envelope

Get more Attorney at Work!

Sign up for our free newsletter.

x

All fields are required. By signing up, you are opting in to Attorney at Work's free practice tips newsletter and occasional emails with news and offers. By using this service, you indicate that you agree to our Terms and Conditions and have read and understand our Privacy Policy.
Play to Win Queen of Hearts
share TWEET PIN IT share share 0

play to win

Earning a Client’s Trust: What It Takes

By Sally J. Schmidt

I conduct a lot of client surveys and am happy to report that most clients are quite satisfied with their law firms. The topics clients attribute to a positive evaluation most frequently include responsiveness, accessibility, expertise, results and cost-consciousness or efficiency (i.e., providing value).

But there is one factor that is usually raised by only the most loyal and long-standing clients: trust. And, when it is raised, it is often the most important criterion for the client.

What Clients Say

Here are some representative quotes from recent client interviews on the subject:

  • “A lot of firms would love to get some of our business. We go where the expertise is and where we have implicit trust. If [lawyer] told me anything, I’d take it to the bank.”
  • “The level of care all the way through the organization is exactly what it should be. They are a trusted partner of ours.”
  • “I’ve trusted [lawyer] so much, I sent my family members to him. That’s how much I trust him.”
  • “I’ve known [lawyer] for a very long time. I have the utmost trust and respect in him and his opinions.”
  • “I trust him to do what’s in my best interest.”

If you can earn a client’s trust, you will turn a happy client into a lifelong client.

Earning Trust

What does it take to earn a client’s trust? Here are a couple of illustrative actions:

  • Tell clients they are better off not pursuing a legal matter. Clients recount examples like a matter that would cost $150,000 to recover $175,000. As one explained, “[Lawyer] said to me, ‘We can do that but do we really want to? In the end, the only people who will make money are me and the other attorney.’”
  • Tell clients things they don’t necessarily want to hear. Clients appreciate when a lawyer is honest about the situation and gives an objective view. Said one, “We have a high level of trust that they will act in our best interest. A lot of times that means being upfront — not always telling you what you want to hear but telling you what you need to hear.”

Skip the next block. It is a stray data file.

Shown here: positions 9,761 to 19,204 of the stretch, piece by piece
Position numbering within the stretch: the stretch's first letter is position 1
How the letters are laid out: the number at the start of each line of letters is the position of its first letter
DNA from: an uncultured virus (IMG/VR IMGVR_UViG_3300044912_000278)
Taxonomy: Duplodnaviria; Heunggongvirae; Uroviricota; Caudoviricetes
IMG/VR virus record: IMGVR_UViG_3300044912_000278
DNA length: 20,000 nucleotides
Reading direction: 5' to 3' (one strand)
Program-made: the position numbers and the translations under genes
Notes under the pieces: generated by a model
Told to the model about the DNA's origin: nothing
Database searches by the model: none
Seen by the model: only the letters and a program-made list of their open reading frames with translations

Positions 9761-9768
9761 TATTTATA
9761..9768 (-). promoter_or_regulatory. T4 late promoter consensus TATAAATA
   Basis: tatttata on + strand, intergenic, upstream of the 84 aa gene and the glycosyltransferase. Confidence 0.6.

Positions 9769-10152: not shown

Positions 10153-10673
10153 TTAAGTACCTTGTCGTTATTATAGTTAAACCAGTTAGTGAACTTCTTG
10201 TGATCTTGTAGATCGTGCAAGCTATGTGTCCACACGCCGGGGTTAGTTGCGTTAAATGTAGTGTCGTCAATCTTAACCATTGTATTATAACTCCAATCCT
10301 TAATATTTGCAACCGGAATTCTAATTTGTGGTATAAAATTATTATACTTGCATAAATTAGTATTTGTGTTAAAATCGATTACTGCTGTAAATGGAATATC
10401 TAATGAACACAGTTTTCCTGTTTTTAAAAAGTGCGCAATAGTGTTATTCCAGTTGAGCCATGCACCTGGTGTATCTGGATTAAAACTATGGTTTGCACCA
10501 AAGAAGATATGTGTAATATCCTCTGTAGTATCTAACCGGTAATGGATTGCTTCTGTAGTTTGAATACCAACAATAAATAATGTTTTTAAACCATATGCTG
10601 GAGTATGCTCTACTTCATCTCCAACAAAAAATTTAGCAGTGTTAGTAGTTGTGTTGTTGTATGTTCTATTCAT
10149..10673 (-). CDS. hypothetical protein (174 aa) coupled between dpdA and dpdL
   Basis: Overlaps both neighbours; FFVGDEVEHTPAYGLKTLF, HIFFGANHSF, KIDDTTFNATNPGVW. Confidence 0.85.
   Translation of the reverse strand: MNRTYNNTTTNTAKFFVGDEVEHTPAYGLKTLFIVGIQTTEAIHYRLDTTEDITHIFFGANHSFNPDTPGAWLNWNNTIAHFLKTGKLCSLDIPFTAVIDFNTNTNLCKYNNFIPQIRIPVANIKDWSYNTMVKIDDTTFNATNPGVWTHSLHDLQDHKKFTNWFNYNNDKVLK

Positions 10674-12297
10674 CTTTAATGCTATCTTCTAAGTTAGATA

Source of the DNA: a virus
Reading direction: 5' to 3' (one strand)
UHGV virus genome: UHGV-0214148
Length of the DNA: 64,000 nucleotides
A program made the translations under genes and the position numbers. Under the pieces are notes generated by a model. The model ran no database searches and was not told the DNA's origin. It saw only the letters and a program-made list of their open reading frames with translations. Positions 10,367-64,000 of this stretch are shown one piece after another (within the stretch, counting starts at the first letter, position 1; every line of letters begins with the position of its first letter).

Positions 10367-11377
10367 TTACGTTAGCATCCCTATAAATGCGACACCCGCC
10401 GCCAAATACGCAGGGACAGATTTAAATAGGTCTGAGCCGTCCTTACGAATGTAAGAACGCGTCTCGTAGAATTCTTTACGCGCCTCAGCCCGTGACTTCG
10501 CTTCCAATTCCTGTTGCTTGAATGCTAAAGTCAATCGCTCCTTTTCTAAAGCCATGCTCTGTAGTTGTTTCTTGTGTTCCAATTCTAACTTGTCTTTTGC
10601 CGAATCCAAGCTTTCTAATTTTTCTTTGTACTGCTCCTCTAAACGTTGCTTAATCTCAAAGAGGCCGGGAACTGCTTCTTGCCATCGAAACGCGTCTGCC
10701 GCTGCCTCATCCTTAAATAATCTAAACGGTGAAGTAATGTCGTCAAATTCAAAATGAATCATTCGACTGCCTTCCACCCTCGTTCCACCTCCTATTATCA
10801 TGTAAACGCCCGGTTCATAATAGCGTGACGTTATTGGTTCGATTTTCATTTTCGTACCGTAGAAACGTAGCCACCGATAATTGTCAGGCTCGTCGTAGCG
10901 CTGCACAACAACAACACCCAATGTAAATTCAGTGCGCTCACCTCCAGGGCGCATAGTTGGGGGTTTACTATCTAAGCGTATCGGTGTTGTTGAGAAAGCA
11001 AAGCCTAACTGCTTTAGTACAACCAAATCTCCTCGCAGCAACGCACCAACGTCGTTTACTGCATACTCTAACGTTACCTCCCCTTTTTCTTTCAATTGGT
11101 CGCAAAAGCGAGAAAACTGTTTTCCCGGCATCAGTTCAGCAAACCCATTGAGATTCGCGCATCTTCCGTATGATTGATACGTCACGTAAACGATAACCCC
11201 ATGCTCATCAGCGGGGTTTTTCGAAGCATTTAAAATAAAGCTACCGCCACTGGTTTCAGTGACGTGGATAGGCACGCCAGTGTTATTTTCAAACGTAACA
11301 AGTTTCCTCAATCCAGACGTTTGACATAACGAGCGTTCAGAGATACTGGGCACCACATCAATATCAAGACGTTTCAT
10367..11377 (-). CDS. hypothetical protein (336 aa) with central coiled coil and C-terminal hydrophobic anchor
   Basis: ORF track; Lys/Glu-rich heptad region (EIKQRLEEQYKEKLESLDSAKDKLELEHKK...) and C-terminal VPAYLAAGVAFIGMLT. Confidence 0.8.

Other ways to earn a client’s trust include:

  • Telling the client that you or your firm can’t handle something and offering to help them find another resource or professional.
  • Owning up to your mistakes (e.g., overruns or unnecessary work).
  • Rigorously keeping the client’s confidences.
  • Praising the work of another law firm.
  • Advising clients proactively of things they could be doing more efficiently in-house.

A client’s trust needs to be earned. Once you do that, the result will not just be a happy client, it will be a client for life.

Illustration ©iStockPhoto.com

Build It! The Business Development Guide for Associates

Keep the new year rolling on the right track by spending a little time with “Build It! The Law Firm Associate’s Guide to Business Development.” Attorney at Work’s popular download for new lawyers is packed with practical advice from our top contributors and bestselling book authors.

Download your copy here.

As always, it’s free to anyone who subscribes to Attorney at Work.

 

Subscribe to Attorney at Work

Get really good ideas every day for your law practice: Subscribe to the Daily Dispatch (it’s free). Follow us on Twitter @attnyatwork.

share TWEET PIN IT share share
Sally J. Schmidt Sally J. Schmidt

Sally Schmidt is President of Schmidt Marketing, Inc., which offers marketing services to law firms. She was a founder and the first President of the Legal Marketing Association. She is a Fellow of the College of Law Practice Management and was one of the first inductees to LMA’s Hall of Fame. She is the author of “Marketing the Law Firm: Business Development Techniques” and “Business Development for Lawyers: Strategies for Getting and Keeping Clients.” Follow her @SallySchmidt.

More Posts By This Author